“The much-needed conversation”
Reviewer: Teo Dawn
Performance: 22 January 2016
Upon entering the Centre 42’s Black Box, audience members are gifted with a flower each. Everyone is invited to make a wish with their small gift of nature and to drop it into the basket actor Sharda Harrison has in her hands.
It is a simple and gentle introduction of what is to come in the next 60 minutes within the confines of that cosy space.
Bi(cara) is a performance by Pink Gajah Theatre, as part of the M1 Fringe Festival commission of 2016. It is a new piece of work based on a talk called Why Do We Do What We Do? by zoologist Bernard Harrison. Questioning and challenging the status quo between man and animals, the performance reflects upon our society today in terms of human behaviour as well as our history and myths.
Just like the issues it is trying to tackle, the performance is multi-faceted with visuals by Sean Harrison and layered with an intricate weaving of the actress’ own personal experiences with animals as well as stories of fictionalised characters written by Harrison herself with co-writer Sabrina Dzulkifli.
From a cleaner lady that is crazy about cats to a zookeeper that is traumatized by his parents’ failed love, both characters turn to animals for companionship. These characters prove to be endearing and broke hearts with their plights of loneliness.
Harrison impresses with her physicality and characterisation as well as her interludes of dances and movements. I am drawn to the honesty as well as the beauty brought about through the combined language of speech and body. With a minimal set, it is easy to keep my attention on her and be part of the on-going conversation happening in between the lines.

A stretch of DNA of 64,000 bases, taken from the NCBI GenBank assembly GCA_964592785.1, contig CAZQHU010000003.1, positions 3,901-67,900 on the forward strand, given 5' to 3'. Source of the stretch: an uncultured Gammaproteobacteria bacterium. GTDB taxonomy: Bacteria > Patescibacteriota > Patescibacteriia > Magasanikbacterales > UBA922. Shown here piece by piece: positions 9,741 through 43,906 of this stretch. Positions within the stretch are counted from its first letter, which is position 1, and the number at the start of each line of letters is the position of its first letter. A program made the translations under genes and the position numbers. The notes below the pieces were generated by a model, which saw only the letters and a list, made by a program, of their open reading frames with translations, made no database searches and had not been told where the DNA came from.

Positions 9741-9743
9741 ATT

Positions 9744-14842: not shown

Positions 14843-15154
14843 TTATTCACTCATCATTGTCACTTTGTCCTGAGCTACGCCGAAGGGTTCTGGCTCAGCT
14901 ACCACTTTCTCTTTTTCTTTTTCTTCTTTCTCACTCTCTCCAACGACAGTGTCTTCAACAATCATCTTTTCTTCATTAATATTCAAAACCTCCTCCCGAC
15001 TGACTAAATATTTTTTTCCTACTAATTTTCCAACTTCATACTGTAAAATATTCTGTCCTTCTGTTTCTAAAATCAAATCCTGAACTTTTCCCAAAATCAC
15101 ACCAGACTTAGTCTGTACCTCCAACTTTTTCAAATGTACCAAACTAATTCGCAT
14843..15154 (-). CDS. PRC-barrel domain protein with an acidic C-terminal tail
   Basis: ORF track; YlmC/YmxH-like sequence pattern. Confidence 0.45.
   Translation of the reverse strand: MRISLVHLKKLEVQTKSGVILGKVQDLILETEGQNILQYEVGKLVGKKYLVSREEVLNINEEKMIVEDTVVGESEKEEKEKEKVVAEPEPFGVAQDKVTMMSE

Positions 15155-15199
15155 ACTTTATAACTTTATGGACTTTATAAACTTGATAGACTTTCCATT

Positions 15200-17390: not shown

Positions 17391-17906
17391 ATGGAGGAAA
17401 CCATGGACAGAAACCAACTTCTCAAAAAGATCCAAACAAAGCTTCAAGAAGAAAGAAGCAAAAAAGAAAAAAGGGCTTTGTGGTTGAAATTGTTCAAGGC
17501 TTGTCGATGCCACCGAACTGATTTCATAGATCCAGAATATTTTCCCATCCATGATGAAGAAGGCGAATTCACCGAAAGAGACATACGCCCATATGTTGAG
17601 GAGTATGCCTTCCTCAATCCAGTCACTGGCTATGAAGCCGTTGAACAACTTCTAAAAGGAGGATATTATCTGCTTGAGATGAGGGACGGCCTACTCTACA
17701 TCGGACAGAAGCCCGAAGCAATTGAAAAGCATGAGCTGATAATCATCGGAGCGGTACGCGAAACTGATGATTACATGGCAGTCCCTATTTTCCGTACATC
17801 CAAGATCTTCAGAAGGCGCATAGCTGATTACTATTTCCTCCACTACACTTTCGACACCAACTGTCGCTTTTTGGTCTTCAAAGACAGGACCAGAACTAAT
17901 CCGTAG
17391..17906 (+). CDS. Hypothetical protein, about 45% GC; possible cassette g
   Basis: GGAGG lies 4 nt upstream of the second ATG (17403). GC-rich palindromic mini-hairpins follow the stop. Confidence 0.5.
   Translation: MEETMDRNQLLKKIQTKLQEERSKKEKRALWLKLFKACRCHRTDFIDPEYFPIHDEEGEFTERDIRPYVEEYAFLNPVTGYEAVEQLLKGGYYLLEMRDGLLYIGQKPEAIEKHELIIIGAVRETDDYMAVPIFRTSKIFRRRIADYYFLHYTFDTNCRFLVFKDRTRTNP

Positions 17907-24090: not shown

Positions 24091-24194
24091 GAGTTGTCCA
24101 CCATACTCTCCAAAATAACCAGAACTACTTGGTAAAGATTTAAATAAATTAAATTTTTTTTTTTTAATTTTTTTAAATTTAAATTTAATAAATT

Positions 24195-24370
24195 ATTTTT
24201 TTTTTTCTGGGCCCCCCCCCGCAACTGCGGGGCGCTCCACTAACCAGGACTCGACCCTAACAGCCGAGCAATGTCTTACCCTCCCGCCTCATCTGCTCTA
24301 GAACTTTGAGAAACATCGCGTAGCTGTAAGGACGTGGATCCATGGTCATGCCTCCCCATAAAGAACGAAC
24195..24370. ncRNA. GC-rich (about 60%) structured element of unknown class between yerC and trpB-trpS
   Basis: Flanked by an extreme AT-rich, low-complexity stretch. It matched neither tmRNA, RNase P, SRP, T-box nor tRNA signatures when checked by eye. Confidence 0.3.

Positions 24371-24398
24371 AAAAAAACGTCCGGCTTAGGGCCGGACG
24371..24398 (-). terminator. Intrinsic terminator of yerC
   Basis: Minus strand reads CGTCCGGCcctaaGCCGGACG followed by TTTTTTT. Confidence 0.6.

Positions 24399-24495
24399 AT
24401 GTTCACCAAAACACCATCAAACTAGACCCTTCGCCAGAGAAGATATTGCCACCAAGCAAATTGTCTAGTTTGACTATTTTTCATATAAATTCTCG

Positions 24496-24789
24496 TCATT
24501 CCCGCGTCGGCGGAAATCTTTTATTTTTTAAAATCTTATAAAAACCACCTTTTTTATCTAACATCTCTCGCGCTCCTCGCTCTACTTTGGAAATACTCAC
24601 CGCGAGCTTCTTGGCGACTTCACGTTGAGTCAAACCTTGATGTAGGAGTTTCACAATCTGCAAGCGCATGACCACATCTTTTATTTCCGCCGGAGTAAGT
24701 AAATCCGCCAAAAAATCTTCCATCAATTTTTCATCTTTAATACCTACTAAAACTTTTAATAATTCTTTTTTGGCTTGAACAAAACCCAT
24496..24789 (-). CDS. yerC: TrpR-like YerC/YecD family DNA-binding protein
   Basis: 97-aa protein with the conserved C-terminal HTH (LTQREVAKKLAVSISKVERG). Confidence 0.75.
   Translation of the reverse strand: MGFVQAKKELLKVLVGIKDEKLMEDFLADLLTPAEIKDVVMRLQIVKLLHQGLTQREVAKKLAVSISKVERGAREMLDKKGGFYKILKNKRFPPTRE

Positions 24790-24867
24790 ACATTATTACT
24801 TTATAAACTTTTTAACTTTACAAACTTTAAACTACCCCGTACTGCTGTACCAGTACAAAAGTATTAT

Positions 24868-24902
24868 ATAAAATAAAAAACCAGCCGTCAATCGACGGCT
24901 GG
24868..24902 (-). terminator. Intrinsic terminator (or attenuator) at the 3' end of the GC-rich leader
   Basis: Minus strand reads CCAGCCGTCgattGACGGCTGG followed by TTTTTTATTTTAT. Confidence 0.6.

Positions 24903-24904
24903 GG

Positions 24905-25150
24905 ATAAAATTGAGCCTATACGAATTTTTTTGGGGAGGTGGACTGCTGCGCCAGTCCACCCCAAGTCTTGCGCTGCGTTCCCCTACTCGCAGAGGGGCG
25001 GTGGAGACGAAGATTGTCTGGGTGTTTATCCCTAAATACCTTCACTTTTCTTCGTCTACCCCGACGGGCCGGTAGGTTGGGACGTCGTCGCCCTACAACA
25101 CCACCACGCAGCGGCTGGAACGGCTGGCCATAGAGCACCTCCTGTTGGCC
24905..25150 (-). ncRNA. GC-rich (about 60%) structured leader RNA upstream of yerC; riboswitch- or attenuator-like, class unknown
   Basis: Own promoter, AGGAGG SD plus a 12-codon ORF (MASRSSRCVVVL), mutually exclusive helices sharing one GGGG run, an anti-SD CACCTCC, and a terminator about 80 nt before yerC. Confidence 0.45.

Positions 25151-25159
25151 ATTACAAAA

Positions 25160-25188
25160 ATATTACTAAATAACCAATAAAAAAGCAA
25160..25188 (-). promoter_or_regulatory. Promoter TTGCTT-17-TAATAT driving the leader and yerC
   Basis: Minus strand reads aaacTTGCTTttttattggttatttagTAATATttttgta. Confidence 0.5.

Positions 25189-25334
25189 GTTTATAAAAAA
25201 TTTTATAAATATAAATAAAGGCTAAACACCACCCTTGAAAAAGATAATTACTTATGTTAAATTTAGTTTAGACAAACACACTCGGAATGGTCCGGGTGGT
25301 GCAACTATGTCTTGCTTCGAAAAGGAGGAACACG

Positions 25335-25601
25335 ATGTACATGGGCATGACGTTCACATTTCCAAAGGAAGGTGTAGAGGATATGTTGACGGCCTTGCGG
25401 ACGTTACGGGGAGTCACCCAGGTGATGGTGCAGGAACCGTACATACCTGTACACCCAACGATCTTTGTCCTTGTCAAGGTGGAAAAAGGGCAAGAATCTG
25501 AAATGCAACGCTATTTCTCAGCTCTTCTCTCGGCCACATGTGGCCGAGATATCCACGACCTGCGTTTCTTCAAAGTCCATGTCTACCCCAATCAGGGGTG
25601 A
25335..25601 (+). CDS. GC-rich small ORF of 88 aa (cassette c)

One magical moment is the “shedding” of clothing in a dance of fluid movement, like a snake losing its skin. It reminds me of how similar we can be to species that seem so different from us. In subtle ways, from beginning to end, these realizations and questions keep coming into my mind.
And I think that is precisely what makes this a very successful performance.
Poetic and mesmerising, Bi(cara) tugs at heartstrings and is the promising start of a much needed conversation that needs to take place in our world today. Leaving more questions rather than concrete answers, this is a performance that will stay with me for many years to come.
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ABOUT THE PRODUCTION
BI(CARA) by Pink Gajah Theatre
21 – 24 January 2016
Black Box, Centre 42
ABOUT THE REVIEWER
Teo Dawn is currently a student with the Intercultural Theatre Institute. She has been in theatre since the age of 14, working on theatre productions as an actress and as a stage manager. Dawn is also a writer with Poached Magazine, PopSpoken as well as Scene.SG.